In my day job I see lots of CVs and most of them are, frankly, terrible. Some of them are probably OK for applying to companies you don’t want to work at, like banks or large consultancies, but if you want to work in a small startup-like company with really smart people then you need to rethink a lot of what you’ve got on there. Not that I’m necessarily including myself in the really smart category, but I’m doing my best to make sure everybody who works for me is; managing people is easy (or easier, at least) if they’re better than you!
I’ve spent quite a lot of time over the last few years thinking about, designing and building RESTful APIs. Far more time than I expected, given that they have a reputation for being very simple. They’re not. In fact, I’d go so far as to say that RESTful APIs are harder to design, harder to build, and (depending on your language of choice) harder to consume than just about any other style of web API.
Back in the early 1990s Java was conceived as an alternative to C++ which would be portable, garbage collected, and easier to learn, but still retaining a C-like syntax to make programmers feel more comfortable migrating to it. There are a variety of reasons why Java became so popular on launch, marketing not being the least of them, and now it’s one of the most popular languages in the world. Perhaps the most popular, depending on which statistics you believe.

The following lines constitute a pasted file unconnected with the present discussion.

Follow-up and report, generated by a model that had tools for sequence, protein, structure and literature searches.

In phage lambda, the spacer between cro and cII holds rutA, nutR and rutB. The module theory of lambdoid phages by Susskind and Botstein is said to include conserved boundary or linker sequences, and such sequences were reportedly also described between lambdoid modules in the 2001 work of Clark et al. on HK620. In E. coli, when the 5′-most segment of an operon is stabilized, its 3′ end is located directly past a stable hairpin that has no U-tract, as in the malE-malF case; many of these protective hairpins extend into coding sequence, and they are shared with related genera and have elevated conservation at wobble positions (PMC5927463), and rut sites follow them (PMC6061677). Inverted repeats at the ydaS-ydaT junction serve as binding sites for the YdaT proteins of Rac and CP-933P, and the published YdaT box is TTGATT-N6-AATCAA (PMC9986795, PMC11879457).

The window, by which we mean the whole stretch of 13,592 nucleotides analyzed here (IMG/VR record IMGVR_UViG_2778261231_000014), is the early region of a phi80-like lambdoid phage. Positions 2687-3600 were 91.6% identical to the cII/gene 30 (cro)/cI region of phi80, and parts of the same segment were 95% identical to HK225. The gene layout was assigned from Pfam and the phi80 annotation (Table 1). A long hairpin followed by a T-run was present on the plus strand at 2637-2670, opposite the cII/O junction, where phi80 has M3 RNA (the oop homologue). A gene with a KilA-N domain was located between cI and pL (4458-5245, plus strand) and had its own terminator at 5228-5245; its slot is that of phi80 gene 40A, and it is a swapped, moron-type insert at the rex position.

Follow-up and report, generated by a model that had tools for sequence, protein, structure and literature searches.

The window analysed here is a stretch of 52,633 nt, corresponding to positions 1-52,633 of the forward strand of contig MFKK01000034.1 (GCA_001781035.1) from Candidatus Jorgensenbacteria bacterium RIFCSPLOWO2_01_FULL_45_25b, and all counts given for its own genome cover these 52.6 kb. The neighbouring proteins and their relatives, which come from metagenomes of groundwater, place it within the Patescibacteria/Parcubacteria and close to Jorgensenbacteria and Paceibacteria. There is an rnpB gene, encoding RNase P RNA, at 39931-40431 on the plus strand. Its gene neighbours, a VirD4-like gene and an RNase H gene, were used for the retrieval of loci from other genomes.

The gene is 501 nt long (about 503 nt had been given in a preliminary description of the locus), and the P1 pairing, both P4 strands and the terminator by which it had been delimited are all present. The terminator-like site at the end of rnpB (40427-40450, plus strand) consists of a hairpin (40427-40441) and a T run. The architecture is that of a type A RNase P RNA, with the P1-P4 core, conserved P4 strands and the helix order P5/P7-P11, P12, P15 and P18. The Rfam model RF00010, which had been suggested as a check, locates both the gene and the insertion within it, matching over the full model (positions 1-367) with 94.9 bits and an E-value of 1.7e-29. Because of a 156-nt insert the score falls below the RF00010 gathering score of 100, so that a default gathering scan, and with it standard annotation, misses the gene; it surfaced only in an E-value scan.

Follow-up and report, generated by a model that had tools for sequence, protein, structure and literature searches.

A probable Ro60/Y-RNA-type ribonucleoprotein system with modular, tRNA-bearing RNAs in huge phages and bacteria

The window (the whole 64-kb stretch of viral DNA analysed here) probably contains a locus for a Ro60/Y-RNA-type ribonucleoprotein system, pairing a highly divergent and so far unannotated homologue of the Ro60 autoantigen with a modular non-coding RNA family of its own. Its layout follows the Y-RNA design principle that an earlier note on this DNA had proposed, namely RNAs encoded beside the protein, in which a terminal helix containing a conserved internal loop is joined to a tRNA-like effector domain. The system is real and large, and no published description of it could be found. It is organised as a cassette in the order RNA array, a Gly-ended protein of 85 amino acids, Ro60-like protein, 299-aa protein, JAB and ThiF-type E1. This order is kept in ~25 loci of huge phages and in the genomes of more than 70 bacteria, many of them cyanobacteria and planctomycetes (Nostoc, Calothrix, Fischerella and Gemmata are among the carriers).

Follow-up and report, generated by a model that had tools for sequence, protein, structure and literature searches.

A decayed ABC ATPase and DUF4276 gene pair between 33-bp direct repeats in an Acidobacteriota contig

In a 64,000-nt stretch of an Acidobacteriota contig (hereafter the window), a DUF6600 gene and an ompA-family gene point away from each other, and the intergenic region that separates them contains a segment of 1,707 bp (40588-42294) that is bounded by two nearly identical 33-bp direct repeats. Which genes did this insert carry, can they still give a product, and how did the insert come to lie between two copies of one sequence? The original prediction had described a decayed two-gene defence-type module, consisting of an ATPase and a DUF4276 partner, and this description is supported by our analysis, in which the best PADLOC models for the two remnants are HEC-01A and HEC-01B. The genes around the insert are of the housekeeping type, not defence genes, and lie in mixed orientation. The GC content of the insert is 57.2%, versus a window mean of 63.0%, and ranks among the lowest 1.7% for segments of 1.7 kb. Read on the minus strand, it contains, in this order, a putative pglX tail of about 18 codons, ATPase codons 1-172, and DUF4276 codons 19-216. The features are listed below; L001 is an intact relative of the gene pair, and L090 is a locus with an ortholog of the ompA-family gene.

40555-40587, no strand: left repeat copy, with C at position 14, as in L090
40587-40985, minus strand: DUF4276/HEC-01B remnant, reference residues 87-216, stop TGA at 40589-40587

This post is an attempt to provide an easier to follow version of the rules laid out in RFC 2616 §§ 13-14 around HTTP caching and the impact of various HTTP headers on them. Some detail has been simplified and/or omitted to cover only the subset of HTTP typically used by RESTful APIs, as it was research into the blinkbox Web API that led me to write this.